Soap Making Safety Tip: Lye is a caustic chemical, which means it will produce a chemical burn if it comes in contact with your skin. The lye reacts with moisture and produces heat. Always wear safety gear, including hand and eye protection when working with lye. If you do come in skin contact with lye neutralize it with vinegar. In case of eye contact seek medical attention as soon as possible.

empty soap mold

To start off with we need to make sure we have everything prepared. Once the process starts you’re on a timer. I like to measure out the oils first. Remember to measure by weight not volume.

olive oil in a pyrex measuring cup being weighed

oil in a bucket

After measuring the oil out place it into a pot on the stove under low heat. Some oils are solid at room temperature and need to be heated up to melt them. The goal is to have the oil at a temperature of 110F(43C) to 120F(49C) when the lye is ready.

melting oil

While the oil is slowly heating measure out the lye on your scale and set it aside. Now measure out the liquid you need. As I mentioned above lye reacts with water and produces heat. If only water is used the water may heat up as high as 200F(93C). To combat the high amount of heat that will need to dissipate I often add ice cubes to my water to bring it to the amount I need. This helps cool the reaction.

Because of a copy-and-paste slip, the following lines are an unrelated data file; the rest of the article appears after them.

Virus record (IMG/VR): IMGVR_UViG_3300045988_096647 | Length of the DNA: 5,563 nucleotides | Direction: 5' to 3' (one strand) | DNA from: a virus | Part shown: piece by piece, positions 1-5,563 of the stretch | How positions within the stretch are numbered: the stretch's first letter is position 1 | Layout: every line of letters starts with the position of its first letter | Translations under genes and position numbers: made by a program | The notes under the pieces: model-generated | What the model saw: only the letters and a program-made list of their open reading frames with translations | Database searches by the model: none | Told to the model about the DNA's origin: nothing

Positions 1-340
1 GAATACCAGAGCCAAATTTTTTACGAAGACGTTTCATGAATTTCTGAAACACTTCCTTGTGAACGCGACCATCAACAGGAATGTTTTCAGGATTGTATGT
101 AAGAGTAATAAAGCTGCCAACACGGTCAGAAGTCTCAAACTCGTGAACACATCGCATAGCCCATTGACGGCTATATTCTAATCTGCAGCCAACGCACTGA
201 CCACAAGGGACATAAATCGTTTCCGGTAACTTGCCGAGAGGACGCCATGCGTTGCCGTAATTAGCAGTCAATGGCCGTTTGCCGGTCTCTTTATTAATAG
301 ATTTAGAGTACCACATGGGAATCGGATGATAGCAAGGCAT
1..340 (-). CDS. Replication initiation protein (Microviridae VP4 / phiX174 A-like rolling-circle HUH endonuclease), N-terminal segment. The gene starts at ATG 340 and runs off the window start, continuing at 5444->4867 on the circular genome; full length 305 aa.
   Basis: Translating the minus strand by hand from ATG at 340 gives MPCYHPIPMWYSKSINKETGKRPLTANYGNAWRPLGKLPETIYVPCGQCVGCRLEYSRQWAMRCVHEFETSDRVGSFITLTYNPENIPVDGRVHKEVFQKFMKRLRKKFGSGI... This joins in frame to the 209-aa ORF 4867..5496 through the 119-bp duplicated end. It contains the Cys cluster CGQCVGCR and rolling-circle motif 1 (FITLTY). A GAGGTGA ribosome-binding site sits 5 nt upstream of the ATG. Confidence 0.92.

Soap Making Safety Tip: One really important thing to remember is to always add lye or something that contains lye to something else. The lye is added to the water, and the lye water is added to the oil. This is the safest way to transfer lye as adding a small amount of water to the lye can result in an explosive chemical reaction. (Don’t worry I’ve never had any issues with lye myself)

When working with lye avoid using anything made of aluminum. The lye or lye water will react with the aluminum and cause it to blacken or stain.

Place one candy thermometer into the oil and another thermometer into the lye water. The lye water will need to reduce in temperature to between 110F(43C) to 120F(49C) and the oil will need to be in the same range. The temps can be about 10F(6C) degrees apart, but should be as close as possible when mixing the two. Once the temperature on both lye water and oil hit the desired range pour the oil into your mixing bucket. I use a food grade bucket to mix everything in. Carefully pour the lye water into the oil.